David Byrne and Fatboy Slim give a refreshingly sober view of Imelda Marcos in ‘Here Lies Love’
NY Daily News
By Jim Farber
7 April 2010
We've already seen one hit musical about the life of a big time female fascist in "Evita." Why not another?
David Byrne may, or may not, have had that in mind when he hit on the notion to write a theatrical ode to Imelda Marcos, the woman who, along with husband Ferdinand, ruled the Philippines from 1965 to 1986.
Just don't go expecting any shoe jokes out of him. Byrne means to take Imelda seriously in "Love Lies Here," his new, double CD/22 songcycle about the relationship between the deposed politician and her far less privileged childhood friend and caretaker Estrella Cumpas.
Fascinated by Imelda's love of discos in the late ‘70s and early ‘80s, Byrne used dance music as his muse. Which led him to collaborate on the music with brand name club maven Fat Boy Slim.
In the tradition of Andrew Lloyd Weber's "Jesus Christ Superstar" and Duncan Sheik's "Whisper House," Byrne didn't wait around for a theater company to bankroll his wild notion. Instead he cut this album of it first, casting a mass of cult singers, from Tori Amos to Cyndi Lauper to Nellie McKay, to voice the main characters' frustrations and dreams.
In his liner notes, Byrne writes that he'd love to stage the show in a thumping club, though most of these songs are unlikely to ignite a disco inferno. Despite their eager use of dance rhythms, many seem more like ballads with a backbeat. Many of the songs show the influence of Byrne's longtime love of Latin music, but it's their sweet melodies that really entice.
The cast often makes the most of them, even though their sheer numbers can prove confusing.
Nearly twenty singers voice the same two characters. Byrne rationalizes that by saying he intended the timbre of each singer to embody different aspects of Imelda or Estrella. We're meant to feel Imelda's anger over Ferdinand's infidelities through Alice Russell's passionate delivery of "Men Will Do Anything." We're supposed to get the character's hauteur through Charmaine Clamor's poised take on "Walk Like A Woman."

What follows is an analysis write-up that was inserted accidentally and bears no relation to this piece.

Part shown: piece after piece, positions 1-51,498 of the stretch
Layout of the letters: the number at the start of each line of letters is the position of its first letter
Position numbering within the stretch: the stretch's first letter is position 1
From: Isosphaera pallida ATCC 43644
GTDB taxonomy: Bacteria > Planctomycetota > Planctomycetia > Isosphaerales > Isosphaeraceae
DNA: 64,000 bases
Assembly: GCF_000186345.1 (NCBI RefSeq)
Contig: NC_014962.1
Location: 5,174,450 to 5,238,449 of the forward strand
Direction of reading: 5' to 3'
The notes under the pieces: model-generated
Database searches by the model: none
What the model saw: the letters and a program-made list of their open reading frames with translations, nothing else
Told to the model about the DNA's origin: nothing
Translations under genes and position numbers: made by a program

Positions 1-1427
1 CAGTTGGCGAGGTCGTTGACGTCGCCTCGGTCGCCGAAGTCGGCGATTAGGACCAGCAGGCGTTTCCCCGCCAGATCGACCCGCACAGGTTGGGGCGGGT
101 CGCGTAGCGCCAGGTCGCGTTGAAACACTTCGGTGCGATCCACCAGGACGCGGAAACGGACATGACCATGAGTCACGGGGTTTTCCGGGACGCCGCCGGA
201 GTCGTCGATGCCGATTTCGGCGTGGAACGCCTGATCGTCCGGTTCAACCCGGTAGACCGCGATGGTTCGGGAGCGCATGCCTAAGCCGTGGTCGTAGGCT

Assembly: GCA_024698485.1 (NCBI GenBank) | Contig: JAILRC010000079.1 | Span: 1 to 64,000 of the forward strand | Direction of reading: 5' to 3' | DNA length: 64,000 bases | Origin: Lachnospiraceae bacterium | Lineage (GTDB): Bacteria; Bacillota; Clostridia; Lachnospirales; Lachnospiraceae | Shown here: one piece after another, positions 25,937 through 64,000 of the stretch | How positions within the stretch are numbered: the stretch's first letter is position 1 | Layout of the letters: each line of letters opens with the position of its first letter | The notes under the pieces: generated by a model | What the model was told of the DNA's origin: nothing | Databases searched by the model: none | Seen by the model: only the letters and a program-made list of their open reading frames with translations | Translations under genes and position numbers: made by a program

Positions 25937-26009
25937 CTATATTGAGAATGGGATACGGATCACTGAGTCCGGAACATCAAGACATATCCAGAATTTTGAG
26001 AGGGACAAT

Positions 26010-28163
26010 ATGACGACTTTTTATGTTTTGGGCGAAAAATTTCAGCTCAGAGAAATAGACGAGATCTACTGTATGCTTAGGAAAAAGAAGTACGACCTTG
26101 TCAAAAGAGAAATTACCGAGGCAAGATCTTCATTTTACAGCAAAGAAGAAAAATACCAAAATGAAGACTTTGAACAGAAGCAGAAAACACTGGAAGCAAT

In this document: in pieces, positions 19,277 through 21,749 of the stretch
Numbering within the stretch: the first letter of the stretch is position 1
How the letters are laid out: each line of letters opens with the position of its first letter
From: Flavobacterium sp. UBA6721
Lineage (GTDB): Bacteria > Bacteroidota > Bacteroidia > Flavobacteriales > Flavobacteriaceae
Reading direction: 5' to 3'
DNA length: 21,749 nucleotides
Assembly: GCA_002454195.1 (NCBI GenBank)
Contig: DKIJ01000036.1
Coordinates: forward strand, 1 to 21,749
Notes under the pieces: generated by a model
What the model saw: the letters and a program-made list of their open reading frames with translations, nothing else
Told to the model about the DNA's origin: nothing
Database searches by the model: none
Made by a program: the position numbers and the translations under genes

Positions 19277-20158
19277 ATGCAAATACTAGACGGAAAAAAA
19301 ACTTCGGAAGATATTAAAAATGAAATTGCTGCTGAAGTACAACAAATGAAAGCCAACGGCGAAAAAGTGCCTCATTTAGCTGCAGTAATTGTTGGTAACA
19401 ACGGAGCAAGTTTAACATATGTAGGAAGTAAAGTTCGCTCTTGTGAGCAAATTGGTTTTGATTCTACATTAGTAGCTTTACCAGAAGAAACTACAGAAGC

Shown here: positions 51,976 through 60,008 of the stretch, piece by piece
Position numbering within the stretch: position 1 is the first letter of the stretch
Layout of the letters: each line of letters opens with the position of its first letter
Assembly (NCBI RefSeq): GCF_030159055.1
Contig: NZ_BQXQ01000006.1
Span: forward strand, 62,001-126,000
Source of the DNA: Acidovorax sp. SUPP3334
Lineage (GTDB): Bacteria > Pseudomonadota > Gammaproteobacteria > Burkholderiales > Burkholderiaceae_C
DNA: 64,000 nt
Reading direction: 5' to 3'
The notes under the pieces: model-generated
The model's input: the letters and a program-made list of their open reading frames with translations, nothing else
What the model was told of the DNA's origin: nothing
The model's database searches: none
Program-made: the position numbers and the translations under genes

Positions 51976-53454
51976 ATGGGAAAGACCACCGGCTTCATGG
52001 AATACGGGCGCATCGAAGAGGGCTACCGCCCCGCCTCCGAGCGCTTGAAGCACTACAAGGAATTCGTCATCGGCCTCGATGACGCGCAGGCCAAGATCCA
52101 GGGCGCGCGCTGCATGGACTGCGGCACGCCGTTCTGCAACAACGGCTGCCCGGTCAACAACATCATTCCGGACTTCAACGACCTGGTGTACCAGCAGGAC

But the ever-shifting cast prevents us from getting too deep into the women. Instead of feeling like they're being embodied, it feels more like they're being explained.
Several male singers turn up to flesh things out, including Byrne himself. For a nice in-joke, the famously left-leaning singer Steve Earle gets to voice Ferdinand Marcos for a song.
Among the hired hands, Allison Moorer stands out in "When She Passed By," capturing both the pain of Estrella's rejection by Imeda as well as the pride-by-association she feels regardless. Lauper nails the zeal and intoxication of "Eleven Days," which describes the Marcos' whirlwind romance.
How all this would transfer to a stage is anyone's guess.
Given Byrne's aversion to theatrical "books," the live rendition might not give us much more detail about the characters than what we get on CD. Regardless, that leaves things of clear worth, including a host of elegant tunes, as well as a refreshingly sober view of a character who, otherwise, has drawn only snickers.